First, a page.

White House says Trump hasn't spoken to Blake family yet

White House press secretary Kayleigh McEnany said Monday that President TrumpDonald John TrumpSteele Dossier sub-source was subject of FBI counterintelligence probe Pelosi slams Trump executive order on pre-existing conditions: It 'isn't worth the paper it's signed on' Trump 'no longer angry' at Romney because of Supreme Court stance MORE has not yet spoken to members of Jacob Blake’s family, despite the administration attempting to reach out to them.

McEnany said on “Fox & Friends” that Trump is not currently planning to meet with Blake’s family during a trip to Kenosha, Wis., on Tuesday but said that the White House holds the Blake family “close to our hearts.”

“We are efforting outreach, have not been able to connect yet. So tomorrow the plan is so far to go and to meet with law enforcement and to look at the damage from the riots, but we are holding his family close to our hearts,” McEnany said, adding that she would offer any further updates if she has them.

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Meanwhile, Ben Crump, an attorney for Jacob Blake, said on MSNBC that he had not received any calls from the White House about setting up a meeting between the family and Trump.

“My office has received no calls to set up any kind of meeting,” Crump said when asked about the status of a potential conversation between Trump and the family.

Crump said that, when Democratic nominee Joe BidenJoe BidenPelosi slams Trump executive order on pre-existing conditions: It 'isn't worth the paper it's signed on' Hillicon Valley: Subpoenas for Facebook, Google and Twitter on the cards | Wray rebuffs mail-in voting conspiracies | Reps. raise mass surveillance concerns Fox News poll: Biden ahead of Trump in Nevada, Pennsylvania and Ohio MORE and Sen. Kamala HarrisKamala HarrisHundreds of lawyers from nation's oldest African American sorority join effort to fight voter suppression Biden picks up endorsement from progressive climate group 350 Action 3 reasons why Biden is misreading the politics of court packing MORE (D-Calif.), his running mate, wanted to speak to the family last week, they “simply called my office and we coordinated such a meeting.”

An aide to White House chief of staff Mark MeadowsMark Randall MeadowsAnxious Democrats amp up pressure for vote on COVID-19 aid Pelosi hopeful COVID-19 relief talks resume 'soon' The Hill's Morning Report - Sponsored by Facebook - GOP closes ranks to fill SCOTUS vacancy by November MORE later tweeted that Meadows has reached out on Trump's behalf and left "multiple messages" with the Blake family last week in addition to speaking on several occasions with the family's pastor.   

Kenosha has been the site of protests since last week, when video emerged showing a police officer shooting Blake, a Black man, in the back as he got into a car. Blake is currently in critical condition in the hospital. The Justice Department has opened a civil rights investigation into the shooting, and state officials are also investigating the incident.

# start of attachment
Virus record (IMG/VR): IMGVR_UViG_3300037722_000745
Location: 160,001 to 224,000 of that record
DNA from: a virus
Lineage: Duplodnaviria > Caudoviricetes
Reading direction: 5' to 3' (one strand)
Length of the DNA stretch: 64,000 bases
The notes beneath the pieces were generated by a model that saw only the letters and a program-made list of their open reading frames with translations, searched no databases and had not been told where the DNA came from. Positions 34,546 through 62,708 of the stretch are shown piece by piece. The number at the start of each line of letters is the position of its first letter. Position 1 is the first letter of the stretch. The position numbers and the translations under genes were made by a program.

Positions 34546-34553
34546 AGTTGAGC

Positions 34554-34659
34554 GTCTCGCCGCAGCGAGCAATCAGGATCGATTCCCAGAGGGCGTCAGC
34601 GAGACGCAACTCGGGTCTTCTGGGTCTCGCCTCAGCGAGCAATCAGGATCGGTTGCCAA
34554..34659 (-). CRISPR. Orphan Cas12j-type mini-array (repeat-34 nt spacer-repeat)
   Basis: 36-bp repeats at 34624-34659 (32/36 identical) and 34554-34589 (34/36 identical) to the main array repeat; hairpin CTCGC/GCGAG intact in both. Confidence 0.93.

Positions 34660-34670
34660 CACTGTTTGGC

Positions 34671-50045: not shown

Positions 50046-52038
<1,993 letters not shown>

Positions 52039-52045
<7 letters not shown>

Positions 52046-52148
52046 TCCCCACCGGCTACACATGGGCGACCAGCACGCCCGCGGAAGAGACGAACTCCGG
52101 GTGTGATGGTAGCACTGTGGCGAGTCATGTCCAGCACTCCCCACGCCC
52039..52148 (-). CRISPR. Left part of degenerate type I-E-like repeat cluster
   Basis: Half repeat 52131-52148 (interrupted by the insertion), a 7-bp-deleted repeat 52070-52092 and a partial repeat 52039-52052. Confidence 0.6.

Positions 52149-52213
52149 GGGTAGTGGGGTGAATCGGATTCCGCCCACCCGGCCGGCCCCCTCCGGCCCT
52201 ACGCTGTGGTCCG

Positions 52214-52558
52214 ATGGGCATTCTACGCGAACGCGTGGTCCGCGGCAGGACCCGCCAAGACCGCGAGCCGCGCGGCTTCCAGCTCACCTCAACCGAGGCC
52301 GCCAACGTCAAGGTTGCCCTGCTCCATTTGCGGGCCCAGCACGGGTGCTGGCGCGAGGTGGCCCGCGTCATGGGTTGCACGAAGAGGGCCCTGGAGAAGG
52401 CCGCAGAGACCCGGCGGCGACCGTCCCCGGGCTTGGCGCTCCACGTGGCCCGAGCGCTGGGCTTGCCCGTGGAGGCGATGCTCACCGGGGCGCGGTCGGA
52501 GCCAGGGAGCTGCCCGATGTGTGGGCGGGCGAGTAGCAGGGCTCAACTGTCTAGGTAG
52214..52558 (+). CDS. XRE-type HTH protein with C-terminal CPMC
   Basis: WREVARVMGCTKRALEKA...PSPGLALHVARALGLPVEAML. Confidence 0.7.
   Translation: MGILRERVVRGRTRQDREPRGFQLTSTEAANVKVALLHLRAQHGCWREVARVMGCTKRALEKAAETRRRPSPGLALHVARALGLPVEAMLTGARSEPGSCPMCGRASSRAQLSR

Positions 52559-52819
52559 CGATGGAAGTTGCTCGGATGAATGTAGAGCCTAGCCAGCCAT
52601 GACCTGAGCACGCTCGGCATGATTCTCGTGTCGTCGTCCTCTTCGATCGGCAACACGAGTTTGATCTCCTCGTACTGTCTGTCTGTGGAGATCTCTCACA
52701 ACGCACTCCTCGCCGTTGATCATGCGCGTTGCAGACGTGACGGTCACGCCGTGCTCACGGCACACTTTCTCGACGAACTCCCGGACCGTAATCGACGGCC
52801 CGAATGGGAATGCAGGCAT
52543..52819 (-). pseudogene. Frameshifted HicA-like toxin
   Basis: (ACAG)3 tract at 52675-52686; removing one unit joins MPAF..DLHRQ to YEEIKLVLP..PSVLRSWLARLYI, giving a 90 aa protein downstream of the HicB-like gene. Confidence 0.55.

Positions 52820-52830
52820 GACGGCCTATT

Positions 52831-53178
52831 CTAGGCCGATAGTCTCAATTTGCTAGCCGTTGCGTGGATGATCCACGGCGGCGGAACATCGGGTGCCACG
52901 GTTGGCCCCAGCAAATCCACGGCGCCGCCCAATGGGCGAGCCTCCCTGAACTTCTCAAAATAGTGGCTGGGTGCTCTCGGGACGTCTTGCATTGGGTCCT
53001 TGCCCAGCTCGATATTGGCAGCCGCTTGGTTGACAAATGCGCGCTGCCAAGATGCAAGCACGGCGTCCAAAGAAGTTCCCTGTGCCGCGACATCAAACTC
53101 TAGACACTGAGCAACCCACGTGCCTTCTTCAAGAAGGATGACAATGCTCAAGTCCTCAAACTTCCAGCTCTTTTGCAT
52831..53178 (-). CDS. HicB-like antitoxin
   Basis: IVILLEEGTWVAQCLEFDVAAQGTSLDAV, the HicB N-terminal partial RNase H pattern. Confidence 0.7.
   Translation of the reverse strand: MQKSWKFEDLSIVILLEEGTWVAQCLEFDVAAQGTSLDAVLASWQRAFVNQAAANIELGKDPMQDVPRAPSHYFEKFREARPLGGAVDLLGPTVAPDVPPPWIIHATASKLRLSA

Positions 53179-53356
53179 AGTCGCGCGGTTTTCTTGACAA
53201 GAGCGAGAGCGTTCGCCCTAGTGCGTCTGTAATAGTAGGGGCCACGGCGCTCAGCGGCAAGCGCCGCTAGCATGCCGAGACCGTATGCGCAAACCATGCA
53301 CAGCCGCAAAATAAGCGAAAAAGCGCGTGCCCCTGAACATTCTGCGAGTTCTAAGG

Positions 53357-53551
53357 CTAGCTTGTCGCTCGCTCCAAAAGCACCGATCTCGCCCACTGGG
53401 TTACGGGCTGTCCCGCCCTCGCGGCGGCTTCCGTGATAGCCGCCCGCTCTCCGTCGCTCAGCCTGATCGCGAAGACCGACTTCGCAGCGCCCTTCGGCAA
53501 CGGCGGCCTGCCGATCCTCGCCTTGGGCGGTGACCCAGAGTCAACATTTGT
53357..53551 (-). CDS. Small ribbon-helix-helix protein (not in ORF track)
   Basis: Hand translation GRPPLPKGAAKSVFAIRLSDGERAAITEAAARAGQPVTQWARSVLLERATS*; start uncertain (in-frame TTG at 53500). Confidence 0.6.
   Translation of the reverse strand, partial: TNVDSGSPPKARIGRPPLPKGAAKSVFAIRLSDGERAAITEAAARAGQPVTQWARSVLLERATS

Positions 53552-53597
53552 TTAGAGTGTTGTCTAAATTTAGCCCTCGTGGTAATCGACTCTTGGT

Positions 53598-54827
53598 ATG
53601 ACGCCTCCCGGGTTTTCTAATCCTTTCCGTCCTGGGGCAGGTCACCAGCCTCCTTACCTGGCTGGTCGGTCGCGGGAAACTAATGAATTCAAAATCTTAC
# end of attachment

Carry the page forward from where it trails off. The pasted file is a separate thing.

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Trump has not commented extensively on the Blake shooting but told a local news outlet that the video disturbed him when asked Friday evening in New Hampshire whether he believed the officer who shot Blake should face criminal charges.

“I’m looking into it very strongly. I’ll be getting reports and I’ll certainly let you know pretty soon,” Trump told WMUR. “It was not a good sight. I didn’t like the sight of it, certainly, and I think most people would agree with that.”

The protests in Kenosha have been accompanied by violence, which Trump and Vice President Pence decried in their remarks at the Republican National Convention last week without mentioning the shooting of Blake specifically.

Trump said over the weekend that he planned to visit Kenosha. However, Wisconsin Gov. Tony EversTony EversWisconsin governor declares emergency amid surge in infections Poll worker fired for not wearing a mask sues Wisconsin governor Coronavirus lockdowns work MORE (D) has urged Trump reconsider the trip, expressing concerns that the visit could incite further division.

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“I am concerned your presence will only hinder our healing. I am concerned your presence will only delay our work to overcome division and move forward together,” Evers wrote in a letter Sunday.

McEnany shrugged off Evers’s plea on Monday, saying that the trip would go on as planned and that Trump wants to unify the state.

“This president will go to Kenosha, Wis. He loves the people of Wisconsin and he looks forward to speaking directly to them and unifying the state,” McEnany said on Fox.

McEnany insisted that federal agents had helped calm the violence in Kenosha. Trump tweeted Wednesday that he would send federal law enforcement and the National Guard to Wisconsin. Evers at that time had already activated the National Guard and said he had planned to increase its presence.

“You saw federal help come into that area and we did see a noticeable difference when they came in,” McEnany said. “This president is always willing to help and he’s going to show up and he’ll be there tomorrow.”